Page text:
A one-year, $50,000 award from the Pharmaceutical Research and Manufacturers of America Foundation will fund Hall’s research showing the effectiveness of the center’s medication adherence services for Medicare Advantage prescription drug plan members of WellCare Health Plans, Inc. — a government-sponsored health care provider.
Contracted by WellCare, UF is coordinating its services with a company that uses a modeling tool for predicting prescription-taking behavior. The company, RxAnte, uses its risk score to determine which patients will potentially benefit from the adherence services provided by UF.
In 2012, the UF team developed a program to help plan members stay on course with their prescribed medications. Technicians and pharmacists at the UF Medication Therapy Management Communication and Care Center contact the members by telephone to identify patient-specific barriers, such as medication expense, complaints of side effects or the belief that a drug isn’t needed, and offer interventions tailored for individual patients.
The center provides ongoing follow-up support to encourage medication adherence, such as reminder tools, patient education, solutions for obtaining timely refills and tools to address issues such as high medication costs that might present an obstacle for patients.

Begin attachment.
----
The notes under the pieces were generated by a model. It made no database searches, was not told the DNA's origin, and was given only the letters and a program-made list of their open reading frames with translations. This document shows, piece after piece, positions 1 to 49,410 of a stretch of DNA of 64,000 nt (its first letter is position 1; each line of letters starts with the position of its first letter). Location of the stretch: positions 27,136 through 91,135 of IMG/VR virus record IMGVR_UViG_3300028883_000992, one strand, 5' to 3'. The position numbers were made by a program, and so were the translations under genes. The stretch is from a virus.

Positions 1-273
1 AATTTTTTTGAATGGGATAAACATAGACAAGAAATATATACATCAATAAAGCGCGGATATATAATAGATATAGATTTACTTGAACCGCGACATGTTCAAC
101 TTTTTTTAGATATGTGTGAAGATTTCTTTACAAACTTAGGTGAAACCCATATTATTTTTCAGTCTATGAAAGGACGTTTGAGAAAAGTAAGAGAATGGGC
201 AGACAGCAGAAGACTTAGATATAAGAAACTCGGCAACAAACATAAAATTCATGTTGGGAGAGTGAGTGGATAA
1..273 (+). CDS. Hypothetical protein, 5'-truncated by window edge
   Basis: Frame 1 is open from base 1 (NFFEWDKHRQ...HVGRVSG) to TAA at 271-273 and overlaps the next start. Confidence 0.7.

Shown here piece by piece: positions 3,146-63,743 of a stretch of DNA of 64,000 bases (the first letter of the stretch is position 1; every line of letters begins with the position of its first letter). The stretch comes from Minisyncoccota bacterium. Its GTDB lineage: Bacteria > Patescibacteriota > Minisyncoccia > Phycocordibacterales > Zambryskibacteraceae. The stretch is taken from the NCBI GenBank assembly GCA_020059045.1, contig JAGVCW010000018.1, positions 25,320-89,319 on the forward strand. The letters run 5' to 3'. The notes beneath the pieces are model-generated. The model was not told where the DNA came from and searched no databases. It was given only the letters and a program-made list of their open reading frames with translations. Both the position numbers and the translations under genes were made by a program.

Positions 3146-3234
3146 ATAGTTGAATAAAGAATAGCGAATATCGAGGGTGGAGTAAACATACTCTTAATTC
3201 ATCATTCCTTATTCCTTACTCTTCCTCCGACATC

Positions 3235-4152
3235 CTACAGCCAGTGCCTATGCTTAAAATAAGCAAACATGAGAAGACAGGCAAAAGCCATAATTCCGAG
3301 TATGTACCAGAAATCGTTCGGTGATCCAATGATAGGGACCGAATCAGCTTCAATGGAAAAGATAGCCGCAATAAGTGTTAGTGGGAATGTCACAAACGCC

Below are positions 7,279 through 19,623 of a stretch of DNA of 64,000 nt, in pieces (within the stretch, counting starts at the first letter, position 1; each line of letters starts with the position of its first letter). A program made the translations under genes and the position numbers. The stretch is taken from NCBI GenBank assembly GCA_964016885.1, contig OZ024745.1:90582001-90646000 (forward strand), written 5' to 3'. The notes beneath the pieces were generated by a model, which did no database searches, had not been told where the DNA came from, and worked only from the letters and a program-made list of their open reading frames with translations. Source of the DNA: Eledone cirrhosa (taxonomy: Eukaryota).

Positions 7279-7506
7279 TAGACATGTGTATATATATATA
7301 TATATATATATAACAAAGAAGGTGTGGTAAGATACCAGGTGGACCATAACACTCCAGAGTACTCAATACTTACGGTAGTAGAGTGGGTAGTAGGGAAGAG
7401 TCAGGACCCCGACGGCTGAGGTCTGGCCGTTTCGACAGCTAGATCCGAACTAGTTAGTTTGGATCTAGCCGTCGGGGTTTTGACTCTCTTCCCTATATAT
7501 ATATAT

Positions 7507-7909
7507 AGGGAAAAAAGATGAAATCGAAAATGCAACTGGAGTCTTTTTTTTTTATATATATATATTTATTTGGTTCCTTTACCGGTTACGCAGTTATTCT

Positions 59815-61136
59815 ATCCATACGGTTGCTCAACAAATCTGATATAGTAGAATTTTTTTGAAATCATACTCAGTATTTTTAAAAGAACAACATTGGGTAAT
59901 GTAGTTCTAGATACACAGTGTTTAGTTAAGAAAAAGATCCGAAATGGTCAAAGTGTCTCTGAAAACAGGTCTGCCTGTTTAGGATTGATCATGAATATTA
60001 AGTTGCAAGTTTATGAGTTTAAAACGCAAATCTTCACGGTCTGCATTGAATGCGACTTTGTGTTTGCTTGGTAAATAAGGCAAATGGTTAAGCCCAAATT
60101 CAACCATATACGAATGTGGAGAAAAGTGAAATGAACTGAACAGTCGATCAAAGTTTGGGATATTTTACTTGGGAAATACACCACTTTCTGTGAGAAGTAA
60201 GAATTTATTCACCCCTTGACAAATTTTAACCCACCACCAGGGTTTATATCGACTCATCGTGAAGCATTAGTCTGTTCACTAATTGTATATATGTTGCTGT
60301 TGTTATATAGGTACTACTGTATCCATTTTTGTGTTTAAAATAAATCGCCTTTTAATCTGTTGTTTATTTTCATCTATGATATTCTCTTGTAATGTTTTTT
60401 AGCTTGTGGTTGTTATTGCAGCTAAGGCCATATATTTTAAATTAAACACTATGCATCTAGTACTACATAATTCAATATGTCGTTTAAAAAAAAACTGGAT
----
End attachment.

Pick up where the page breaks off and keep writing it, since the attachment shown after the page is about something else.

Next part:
Under the new grant, UF will begin analyzing patient data and measuring the program’s overall effectiveness in improving individual patient adherence and overall adherence scores for the health plan.
The award is funding research that will measure the success of the combined efforts of UF’s adherence services together with RxAnte’s predictive analytics. The research aims to better predict which services patients need to help keep them on track with their medications, estimate the cost-effectiveness of these interventions and determine how well they are working; all factors that affect the prescription drug plan’s quality ratings.
All Medicare Advantage prescription drug plans receive quality ratings, called “star ratings,” from the Centers for Medicare and Medicaid Services based on health plan data. Star ratings are publicly reported and impact health care provider reimbursement based on the Centers’ “pay for performance” guidelines, which reward providers for attaining certain measures for quality and efficiency. UF’s research will evaluate the impact of UF-contracted services on WellCare Health Plans’ star rating for three measures related to medication adherence for three classes of drug: oral diabetics, antihypertensive medications and cholesterol-lowering medications.
APhA’s Tom Menighan Visits MTM Communication and Care Center